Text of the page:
i wonder as a mother, how your writing will enhance and your research expand when you start talking to pediatricians who will tell you your milk is insufficient if you don’t consume meat, that your baby needs the nutrients from the cow that humans don’t produce, if you choose to remain vaccination free etc. white women are the new-age-hipster moms. i haven’t been able to get a dr to even consider my child a person and actually LOOK at her. its an automatic “failure to thrive” stamp anytime she has an issue (and i mean things typical to infants). i’ve been accused of just not having enough food and claiming i’m vegan to cover it up lol. i’ve had social services sent to my home to try and force me take my daughter to a nutritionist who of course wanted to force me to give her dairy and meat products.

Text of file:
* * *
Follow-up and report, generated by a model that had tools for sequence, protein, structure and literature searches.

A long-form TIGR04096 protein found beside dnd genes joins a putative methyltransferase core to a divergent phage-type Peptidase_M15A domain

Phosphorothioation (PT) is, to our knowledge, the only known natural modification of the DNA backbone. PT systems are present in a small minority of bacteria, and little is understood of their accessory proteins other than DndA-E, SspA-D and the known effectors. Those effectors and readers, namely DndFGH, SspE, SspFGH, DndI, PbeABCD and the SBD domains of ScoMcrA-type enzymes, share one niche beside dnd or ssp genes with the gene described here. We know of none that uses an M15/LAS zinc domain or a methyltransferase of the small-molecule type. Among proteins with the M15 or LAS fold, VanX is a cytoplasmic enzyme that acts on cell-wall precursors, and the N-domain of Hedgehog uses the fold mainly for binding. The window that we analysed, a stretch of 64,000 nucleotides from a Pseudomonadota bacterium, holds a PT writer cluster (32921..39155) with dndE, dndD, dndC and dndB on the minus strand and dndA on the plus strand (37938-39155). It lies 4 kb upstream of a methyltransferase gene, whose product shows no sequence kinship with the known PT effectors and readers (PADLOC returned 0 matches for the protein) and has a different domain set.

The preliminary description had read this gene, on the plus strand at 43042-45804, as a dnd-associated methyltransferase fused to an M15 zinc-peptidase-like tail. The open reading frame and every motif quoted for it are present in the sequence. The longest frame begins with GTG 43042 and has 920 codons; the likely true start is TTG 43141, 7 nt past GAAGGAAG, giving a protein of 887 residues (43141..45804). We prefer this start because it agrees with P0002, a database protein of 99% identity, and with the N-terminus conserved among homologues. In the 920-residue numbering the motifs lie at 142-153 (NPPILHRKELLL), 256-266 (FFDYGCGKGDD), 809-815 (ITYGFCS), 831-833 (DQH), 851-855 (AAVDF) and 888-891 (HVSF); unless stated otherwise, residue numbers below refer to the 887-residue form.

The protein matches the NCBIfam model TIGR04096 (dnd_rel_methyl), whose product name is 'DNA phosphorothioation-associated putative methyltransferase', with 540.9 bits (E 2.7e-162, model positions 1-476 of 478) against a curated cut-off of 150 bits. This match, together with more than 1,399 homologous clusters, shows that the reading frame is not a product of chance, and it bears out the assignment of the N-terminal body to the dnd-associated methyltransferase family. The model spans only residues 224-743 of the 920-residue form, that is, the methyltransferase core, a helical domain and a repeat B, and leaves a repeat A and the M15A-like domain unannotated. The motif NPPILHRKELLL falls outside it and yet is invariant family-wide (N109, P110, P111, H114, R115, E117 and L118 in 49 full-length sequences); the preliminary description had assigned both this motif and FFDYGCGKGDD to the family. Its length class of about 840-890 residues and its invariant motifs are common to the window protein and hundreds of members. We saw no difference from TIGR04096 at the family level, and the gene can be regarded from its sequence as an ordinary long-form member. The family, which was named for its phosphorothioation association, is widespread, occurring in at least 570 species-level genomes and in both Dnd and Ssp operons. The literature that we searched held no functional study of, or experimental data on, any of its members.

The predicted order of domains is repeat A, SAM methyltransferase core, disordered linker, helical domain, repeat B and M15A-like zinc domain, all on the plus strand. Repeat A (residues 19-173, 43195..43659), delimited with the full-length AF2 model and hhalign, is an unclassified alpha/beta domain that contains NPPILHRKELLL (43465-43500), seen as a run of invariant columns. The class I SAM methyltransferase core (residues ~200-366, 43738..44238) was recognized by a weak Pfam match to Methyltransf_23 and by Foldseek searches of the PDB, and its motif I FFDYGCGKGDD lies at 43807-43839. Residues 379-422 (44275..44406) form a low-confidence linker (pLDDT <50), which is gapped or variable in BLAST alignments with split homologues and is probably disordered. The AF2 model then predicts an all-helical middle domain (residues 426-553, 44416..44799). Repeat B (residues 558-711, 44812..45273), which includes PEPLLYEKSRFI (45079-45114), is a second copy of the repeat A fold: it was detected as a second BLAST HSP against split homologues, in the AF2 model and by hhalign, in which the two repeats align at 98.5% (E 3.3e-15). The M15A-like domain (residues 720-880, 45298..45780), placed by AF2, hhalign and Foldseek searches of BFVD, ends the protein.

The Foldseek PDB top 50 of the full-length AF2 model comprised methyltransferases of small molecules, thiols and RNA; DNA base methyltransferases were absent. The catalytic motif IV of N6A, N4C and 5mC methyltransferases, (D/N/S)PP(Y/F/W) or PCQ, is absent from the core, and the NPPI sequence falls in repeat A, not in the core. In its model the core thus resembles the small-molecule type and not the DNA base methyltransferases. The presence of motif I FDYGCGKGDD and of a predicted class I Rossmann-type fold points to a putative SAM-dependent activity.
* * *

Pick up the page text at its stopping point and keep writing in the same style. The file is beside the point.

ironically, my 2yr old has CHOSEN not to eat meat and at CHOSE not to drink regular milk. as though something in her knew better than to start of consuming these products. She eats a little bit of chicken every now and then, but she knows what works for her. :)
    thank you for your words and work!